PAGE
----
Guys, is pine tar the product used inside the coils?
Looking to buy some instead of reusing the old tar but want to make sure I'm buying the right stuff. I can get 1kg of Stockholm Tar which is pine tar in a tub.
The closest modern "Tar" is Type III Steep Roofing Tar.
Visit a roofing contractor Paul. Take along a coil to show them what you're doing with the tar. They might be more inclined to help you.
Good plan there Garnet, thanks for that. I might also visit our local council depot and speak to the road crew. They use tar to repair the road.
A bit hard to do in Australia, we don't use any tar products on a roof.
I recently helped a friend who was restoring a 1902 Rambler and wanted to get the coil working that came with it. I used a heat gun to melt the potting compound and can say for sure that it was pine resin/tar. I don't know if that was used in the Ford ignition coils but I think it would work as well as anything provided you have easy access to it. I drained the pitch from my friend's coil into a cheap, small no stick pan and re heated it and put it back in the coil after repairs with out any trouble.
Stockholm tar (pine tar) is a preservative coating for wood and rope and is not used in coils.
"Type III Steep Roofing Tar" is the American classification for a high melting point tar which is what you need in the Model T coil. A low melting point can lead to trouble as the coil warms during use, and if your coils live on the cylinder head (Improved Car) then you really really must have the high melt temp tar.
I have no idea what it might be called in a land down under.
Only thing I ever used pine tar for was to smear on a hog or calf after I cut them(neutered). KGB
It is also good for horse hooves, soap, and cheating in baseball.
Here is some technical data on asphalt material available in the US: http://www.owenscorning.com/trumbull/products/built-up-roofing-asphalts/trulo-ma x/
Physical Requirements - ASTM D312-00
Type (Softening Pt Range°F) (Flash Pt °F)
I (135-151) (500)
II (158-176) (500)
III (185-205) (500)
IV (210-225) (500)
From personal experience I found I could easily pour the type III at 250°F, you certainly don't want to overheat it, the fumes increase with temp and there's a huge safety issue.
I have no relations to/with Owens Corning or the ASTM. jb
As Frank (from Aus) said, above, we don't use roofing tar here in Aus. Makes it difficult to get. But thank you all for the info you have given me, it's all been useful.
I'll find a way!
The stuff in the 02 Rambler coil was positively pine resin. It was the hardness and texture of hard candy when cool and smelled like a Christmas tree when I was heating it and while it was in a pourable state. It actually caught on fire briefly while being removed and smelled like pine when it burns. It would make brittle little strings as it cooled while I was trying to pour it out of the box.. I'll bet if you went out to the woods and collected pitch off the side of pine trees and heated it, it would melt and be pourable enough to use as potting compound in a coil. Another option to hold things in place would be hot glue from a glue gun. I don't think you would be able to re melt that to work on the coil later though.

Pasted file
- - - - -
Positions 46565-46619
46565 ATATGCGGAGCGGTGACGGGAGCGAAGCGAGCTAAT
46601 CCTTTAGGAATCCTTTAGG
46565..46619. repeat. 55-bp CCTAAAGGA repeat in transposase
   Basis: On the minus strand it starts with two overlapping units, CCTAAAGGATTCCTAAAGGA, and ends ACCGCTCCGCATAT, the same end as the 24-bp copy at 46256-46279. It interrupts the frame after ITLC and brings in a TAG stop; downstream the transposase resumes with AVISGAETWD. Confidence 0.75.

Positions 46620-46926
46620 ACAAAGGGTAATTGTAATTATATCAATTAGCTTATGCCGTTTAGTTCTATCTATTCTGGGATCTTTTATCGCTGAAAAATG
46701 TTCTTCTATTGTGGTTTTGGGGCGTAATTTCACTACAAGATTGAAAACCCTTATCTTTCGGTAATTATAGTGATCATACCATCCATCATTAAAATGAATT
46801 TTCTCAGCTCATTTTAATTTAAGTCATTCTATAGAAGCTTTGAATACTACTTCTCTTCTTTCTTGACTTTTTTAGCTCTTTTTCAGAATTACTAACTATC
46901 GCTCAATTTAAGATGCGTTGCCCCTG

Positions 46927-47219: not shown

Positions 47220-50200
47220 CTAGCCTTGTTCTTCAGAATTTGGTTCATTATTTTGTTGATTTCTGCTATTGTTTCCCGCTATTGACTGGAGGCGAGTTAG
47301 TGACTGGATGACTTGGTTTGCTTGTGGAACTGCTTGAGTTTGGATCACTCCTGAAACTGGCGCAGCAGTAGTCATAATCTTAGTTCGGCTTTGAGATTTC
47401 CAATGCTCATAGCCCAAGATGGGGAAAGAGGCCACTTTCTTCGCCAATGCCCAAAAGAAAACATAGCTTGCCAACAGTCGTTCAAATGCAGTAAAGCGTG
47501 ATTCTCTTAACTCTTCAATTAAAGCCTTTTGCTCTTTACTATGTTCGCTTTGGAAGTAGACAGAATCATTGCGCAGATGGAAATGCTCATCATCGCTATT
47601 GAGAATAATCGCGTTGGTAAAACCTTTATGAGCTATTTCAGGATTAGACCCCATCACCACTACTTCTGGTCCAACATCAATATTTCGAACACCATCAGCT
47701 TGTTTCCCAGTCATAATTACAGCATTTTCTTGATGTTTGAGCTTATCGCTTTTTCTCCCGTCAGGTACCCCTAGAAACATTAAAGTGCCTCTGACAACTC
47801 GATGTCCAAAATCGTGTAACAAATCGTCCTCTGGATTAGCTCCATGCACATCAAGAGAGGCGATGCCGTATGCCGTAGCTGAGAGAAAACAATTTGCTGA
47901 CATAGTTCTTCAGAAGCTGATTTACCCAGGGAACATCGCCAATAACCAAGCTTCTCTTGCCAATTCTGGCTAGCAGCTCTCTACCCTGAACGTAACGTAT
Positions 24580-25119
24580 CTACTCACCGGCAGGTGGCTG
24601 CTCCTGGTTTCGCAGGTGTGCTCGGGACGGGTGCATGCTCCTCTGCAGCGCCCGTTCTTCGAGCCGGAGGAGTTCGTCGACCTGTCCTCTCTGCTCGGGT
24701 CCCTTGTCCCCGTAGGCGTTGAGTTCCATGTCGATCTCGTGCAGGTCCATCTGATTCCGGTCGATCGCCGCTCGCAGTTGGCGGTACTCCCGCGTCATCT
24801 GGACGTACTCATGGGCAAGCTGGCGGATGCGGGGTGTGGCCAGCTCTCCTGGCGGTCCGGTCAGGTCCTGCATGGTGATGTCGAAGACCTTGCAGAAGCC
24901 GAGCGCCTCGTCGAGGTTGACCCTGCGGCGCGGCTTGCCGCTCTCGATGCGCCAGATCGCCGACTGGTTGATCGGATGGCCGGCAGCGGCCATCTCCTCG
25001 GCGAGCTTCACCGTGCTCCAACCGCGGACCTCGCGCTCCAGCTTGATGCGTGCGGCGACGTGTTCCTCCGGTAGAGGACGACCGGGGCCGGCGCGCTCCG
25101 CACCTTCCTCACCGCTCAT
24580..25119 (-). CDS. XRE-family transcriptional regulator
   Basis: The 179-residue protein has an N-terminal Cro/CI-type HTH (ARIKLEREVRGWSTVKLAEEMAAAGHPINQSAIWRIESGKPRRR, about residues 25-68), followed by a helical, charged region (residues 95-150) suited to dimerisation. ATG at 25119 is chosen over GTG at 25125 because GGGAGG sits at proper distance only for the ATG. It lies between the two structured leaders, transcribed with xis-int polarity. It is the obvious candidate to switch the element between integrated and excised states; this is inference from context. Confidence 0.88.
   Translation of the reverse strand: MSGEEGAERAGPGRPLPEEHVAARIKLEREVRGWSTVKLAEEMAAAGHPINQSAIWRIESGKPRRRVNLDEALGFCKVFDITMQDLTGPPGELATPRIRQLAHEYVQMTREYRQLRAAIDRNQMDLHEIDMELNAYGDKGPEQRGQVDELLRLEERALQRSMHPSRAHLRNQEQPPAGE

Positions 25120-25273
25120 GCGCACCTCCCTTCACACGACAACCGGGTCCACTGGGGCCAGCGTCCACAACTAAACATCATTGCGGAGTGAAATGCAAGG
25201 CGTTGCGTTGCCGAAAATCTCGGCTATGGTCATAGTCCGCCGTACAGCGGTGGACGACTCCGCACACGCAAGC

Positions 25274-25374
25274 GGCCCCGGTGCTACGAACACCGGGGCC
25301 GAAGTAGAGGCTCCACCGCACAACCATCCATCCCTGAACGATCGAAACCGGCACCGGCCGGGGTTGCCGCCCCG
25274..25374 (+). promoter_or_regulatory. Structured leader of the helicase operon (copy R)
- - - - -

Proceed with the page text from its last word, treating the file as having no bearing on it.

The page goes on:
It would not be a good idea to use hot glue, or expanding foam, or RTV, or any of the other make do stuff that I have heard of being used. Your best bet is to re use the tar from the coil. If you do not have enough tar from your coil, then there is no problem. Just find some T coils that have open secondaries or trashed cases, or whatever would make them unsuitable for rebuild and dig the tar out of them. Put it in a pot and melt it down and you have just what you need.
Paul, maybe you could just find a few more coils to use the "tar" out of..If you keep all the fragments you may only need a bit more...That way it would be the right stuff anyway. As an old roofer that worked with the old style hot built up roofs with the "kettle of hot" on flat roofs in northern Michigan, I can see why it went away. We called that "tar" a # 3 steep bitumin in the old days...Not much of that used anymore up here, maybe for a repair. Jim Derocher, AuGres, Michigan
Using glue, is not the way you should do it.
As Steve said, just re use the old tar from the coils, it is the right stuff. If not enough take take from the coils that are to far gone to be rebuild.